Navigation Links
Beta-blockers and stroke -- new insights into their use for older people
Date:8/27/2009

A University of Leicester-led study may have uncovered the reason why Beta-blockers are less effective at preventing stroke in older people with high blood pressure, when compared to other drugs for high blood pressure.

The research, carried out by Bryan Williams, Professor of Medicine at the University of Leicester, and his colleague Dr. Peter Lacy, has been published in the prestigious Journal of the American College of Cardiology and has been cited on the MDLinx.com site as currently the world's number one leading finding in its field.

Professor Williams' research shows that lowering heart rate in older people, as Beta blockers do, can have a potentially detrimental effect on central aortic pressures (pressures in the large arteries close to the heart).

He commented: "Such findings can help define the template for optimal treatment strategies and highlight why new methods to estimate central aortic pressures are providing new insights into the pathogenesis of cardiovascular disease and how new drugs can be tailored to limit the damage.

"Leicester is acknowledged as one of the leading centres in the world in this field of research."

This study used analysis of the pulse wave measured at the wrist to estimate pressures in the large artery near to the heart, in people with high blood pressure. It shows that reducing heart rate in older people with high blood pressure can result in a higher than expected pressure in the large arteries.

This may be the reason why drugs such as Beta-blockers, a widely used drug to treat high blood pressure, have been shown to be less effective than other treatments at preventing stroke. In 2006, NICE recommended that Beta-blockers should no longer be used as a routine treatment for high blood pressure because they appeared somewhat less effective than other types of blood pressure lowering drugs at reducing the risk of stroke, especially in older people.

Professor Williams, who is also consultant physician with the University Hospitals of Leicester NHS Trust, suggests that the present study provides important insights into the mechanism. "There is no doubt that by better understanding of how modern drugs work in reducing the risk of stroke and heart disease, we will be able to continually refine treatments for the future," he said.

Should patients taking Beta-blockers stop them? Professor Williams emphasised: "No they should definitely not stop them. Beta-blockers are prescribed for a number of medical conditions, including angina and heart disease and in this context they are very beneficial.

"The new study is specifically exploring the reasons why Beta-blockers or other drugs that lower heart rate may be less effective at preventing stroke than some of the other drugs we use to lower blood pressure."


'/>"/>

Contact: Bryan Williams
bw17@le.ac.uk
44-116-252-3182
University of Leicester
Source:Eurekalert

Related biology news :

1. Blood pressure drug telmisartan shows powerful activity against stroke
2. Stroke victims may benefit from stem cell transplants
3. Blueberry and green tea containing supplement protects against stroke damage
4. Scientists ask whether microscaffolding can help stem cells rebuild brain after stroke damage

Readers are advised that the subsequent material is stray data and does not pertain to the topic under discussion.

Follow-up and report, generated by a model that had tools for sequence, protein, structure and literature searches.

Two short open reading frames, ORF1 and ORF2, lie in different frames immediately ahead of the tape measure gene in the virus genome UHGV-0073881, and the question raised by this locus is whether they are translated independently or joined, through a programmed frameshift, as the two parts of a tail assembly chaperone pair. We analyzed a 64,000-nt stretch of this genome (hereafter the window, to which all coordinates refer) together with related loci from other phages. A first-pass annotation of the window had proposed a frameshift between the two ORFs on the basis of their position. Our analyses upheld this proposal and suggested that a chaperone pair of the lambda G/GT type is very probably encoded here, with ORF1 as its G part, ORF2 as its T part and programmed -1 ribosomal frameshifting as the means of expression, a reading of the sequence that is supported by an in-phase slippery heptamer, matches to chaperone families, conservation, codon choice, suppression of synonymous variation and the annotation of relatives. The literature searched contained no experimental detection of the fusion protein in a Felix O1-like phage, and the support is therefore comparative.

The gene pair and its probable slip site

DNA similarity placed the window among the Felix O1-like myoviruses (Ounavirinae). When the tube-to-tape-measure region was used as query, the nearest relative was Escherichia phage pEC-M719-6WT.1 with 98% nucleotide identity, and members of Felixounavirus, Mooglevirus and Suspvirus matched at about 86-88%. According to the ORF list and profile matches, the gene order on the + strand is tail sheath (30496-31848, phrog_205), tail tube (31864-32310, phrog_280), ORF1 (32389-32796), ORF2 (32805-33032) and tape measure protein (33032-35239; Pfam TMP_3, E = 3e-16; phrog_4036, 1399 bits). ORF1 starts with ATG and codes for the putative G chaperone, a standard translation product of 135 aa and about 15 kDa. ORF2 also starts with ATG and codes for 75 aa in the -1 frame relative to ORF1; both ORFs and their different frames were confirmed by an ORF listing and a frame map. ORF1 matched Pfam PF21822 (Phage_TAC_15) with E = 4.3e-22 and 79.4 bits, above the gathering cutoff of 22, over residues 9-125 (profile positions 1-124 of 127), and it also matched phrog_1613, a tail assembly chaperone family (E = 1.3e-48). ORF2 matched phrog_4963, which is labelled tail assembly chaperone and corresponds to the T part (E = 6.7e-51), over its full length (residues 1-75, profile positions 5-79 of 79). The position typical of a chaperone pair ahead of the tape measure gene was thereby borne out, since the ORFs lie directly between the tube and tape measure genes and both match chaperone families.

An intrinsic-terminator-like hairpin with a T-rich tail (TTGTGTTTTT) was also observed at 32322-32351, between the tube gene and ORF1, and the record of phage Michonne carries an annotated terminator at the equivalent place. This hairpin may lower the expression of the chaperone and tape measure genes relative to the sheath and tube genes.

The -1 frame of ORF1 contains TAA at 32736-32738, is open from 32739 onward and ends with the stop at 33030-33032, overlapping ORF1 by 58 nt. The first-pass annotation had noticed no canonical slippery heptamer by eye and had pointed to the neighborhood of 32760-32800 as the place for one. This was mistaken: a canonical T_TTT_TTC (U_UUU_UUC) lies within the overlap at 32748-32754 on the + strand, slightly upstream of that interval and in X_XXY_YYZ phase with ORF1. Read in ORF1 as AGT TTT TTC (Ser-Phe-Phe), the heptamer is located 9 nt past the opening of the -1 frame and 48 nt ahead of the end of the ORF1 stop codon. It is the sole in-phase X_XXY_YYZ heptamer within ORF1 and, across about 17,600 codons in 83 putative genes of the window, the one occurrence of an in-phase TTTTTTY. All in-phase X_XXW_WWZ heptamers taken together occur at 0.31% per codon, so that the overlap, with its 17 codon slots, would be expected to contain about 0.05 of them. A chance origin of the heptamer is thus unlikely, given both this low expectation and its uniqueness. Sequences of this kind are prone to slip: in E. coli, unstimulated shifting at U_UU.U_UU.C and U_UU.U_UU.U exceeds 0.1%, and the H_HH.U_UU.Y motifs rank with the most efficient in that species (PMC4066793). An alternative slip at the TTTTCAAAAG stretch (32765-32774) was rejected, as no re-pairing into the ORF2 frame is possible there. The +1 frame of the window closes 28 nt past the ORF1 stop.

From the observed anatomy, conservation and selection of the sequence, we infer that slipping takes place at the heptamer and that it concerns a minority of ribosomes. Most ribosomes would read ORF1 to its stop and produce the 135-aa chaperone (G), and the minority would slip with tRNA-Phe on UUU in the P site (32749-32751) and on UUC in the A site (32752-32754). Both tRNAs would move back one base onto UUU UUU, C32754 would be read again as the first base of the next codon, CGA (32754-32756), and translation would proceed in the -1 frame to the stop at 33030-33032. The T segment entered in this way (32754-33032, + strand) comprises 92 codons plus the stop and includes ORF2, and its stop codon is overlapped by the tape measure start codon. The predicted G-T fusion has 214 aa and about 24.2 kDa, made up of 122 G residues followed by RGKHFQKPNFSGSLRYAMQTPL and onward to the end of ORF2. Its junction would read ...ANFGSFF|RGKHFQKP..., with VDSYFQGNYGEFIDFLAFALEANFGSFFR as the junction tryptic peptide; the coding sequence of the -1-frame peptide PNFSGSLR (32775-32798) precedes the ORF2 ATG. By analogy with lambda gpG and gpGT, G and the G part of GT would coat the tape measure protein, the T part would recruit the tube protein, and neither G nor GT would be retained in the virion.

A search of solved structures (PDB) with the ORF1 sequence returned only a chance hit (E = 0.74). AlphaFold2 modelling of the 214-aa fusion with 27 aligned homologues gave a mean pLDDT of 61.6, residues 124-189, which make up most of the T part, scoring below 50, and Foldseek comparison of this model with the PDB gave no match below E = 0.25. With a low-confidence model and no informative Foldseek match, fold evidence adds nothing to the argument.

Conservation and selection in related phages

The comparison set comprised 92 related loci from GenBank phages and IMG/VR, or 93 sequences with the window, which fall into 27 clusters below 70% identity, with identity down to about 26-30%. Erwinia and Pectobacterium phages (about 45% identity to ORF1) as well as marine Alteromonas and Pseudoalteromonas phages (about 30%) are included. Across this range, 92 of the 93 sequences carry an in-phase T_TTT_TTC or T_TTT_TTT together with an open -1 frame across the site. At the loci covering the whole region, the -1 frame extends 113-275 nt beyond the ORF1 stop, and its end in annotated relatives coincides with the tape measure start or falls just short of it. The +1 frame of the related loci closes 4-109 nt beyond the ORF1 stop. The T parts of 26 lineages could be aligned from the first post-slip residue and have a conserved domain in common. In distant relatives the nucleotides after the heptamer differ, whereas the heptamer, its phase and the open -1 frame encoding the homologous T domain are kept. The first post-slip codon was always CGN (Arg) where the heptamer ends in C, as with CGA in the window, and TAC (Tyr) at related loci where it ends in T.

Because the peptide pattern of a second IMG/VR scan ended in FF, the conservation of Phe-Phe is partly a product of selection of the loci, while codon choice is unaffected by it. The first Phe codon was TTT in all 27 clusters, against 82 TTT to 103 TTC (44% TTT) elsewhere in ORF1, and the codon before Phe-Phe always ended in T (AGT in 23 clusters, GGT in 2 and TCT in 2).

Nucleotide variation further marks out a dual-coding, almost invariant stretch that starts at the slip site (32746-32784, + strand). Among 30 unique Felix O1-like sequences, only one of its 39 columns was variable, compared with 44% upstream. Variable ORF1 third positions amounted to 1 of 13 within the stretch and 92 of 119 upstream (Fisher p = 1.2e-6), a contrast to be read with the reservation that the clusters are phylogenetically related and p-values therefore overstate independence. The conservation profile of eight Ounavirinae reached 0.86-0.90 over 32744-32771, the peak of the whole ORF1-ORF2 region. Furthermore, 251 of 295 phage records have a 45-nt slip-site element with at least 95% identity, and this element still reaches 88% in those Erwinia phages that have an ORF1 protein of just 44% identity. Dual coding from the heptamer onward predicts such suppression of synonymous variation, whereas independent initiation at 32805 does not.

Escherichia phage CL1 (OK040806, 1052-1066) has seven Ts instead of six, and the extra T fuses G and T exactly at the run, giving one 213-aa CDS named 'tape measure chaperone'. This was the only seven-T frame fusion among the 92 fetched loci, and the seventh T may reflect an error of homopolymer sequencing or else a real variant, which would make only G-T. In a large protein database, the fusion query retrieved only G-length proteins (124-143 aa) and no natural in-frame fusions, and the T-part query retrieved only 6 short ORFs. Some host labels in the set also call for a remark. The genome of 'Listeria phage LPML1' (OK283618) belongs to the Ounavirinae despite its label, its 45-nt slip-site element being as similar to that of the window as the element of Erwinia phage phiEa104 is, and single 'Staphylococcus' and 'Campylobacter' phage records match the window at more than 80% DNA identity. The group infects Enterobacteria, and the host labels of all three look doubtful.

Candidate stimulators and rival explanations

5. Can micro-scaffolding help stem cells rebuild the brain after stroke?
6. Tracking stroke
7. New 3-D ultrasound could improve stroke diagnosis, care
8. Study finds possible connection between marijuana abuse and stroke or heart attacks
9. Even low levels of air pollution may pose stroke risk
10. Stroke study reveals key target for improving treatment and suggests that Gleevec may help
11. Stroke and SIDS in Alaska topics of neuroscience conference
Post Your Comments:
*Name:
*Comment:
*Email:
(Date:2/7/2017)... Ind. , Feb. 7, 2017 Zimmer ... leader in musculoskeletal healthcare, will present at the LEERINK ... New York Palace Hotel on Wednesday, February 15, 2017 ... live webcast of the presentation can be accessed at ... replay following the conference via Zimmer Biomet,s Investor Relations ...
(Date:2/6/2017)... According to Acuity Market Intelligence, ongoing ... to continue to embrace biometric and digital identification ... Border Control (ABC) eGates and 1436 Automated Passport ... 163 ports of entry across the globe. Deployments ... combined CAGR of 37%. APC Kiosks reached 75% ...
(Date:2/3/2017)... A new independent identity strategy consultancy firm ... . Designed to fill a critical niche in technical ... partners Mark Crego and Janice Kephart ... identity expertise that span federal governments, the 9/11 Commission, ... combined expertise has a common theme born from a ...
Breaking Biology News(10 mins):
(Date:2/23/2017)... ... February 22, 2017 , ... ... , have been named Fellows of the Society this year, the Fellows Committee ... the multidisciplinary fields of optics, photonics, and imaging as well as their service ...
(Date:2/22/2017)... , Feb. 22, 2017  PrimeVax Immuno-Oncology, Inc. announced ... presenting at the Annual Biocom Global Life Science Partnering ... at 11:15 AM, at the Torrey Pines Lodge, in ... the organizers at Biocom who have chosen our company, ... of biotechnology companies, investors, and clinical researchers," said Mr. ...
(Date:2/22/2017)... ... February 22, 2017 , ... ... and scientists from around the world, is pleased to announce the 2nd annual ... 23, 2017. This premier, online-only conference focused on the development and advancements in ...
(Date:2/22/2017)... DIEGO , Feb. 22, 2017 Aethlon ... the results of a study that validated the ability ... that are associated with increased mortality in immune-suppressed sepsis ... patients. The objective of the study ... of Cytomegalovirus (CMV), Epstein-Barr virus (EBV) and Herpes Simplex ...
Breaking Biology Technology: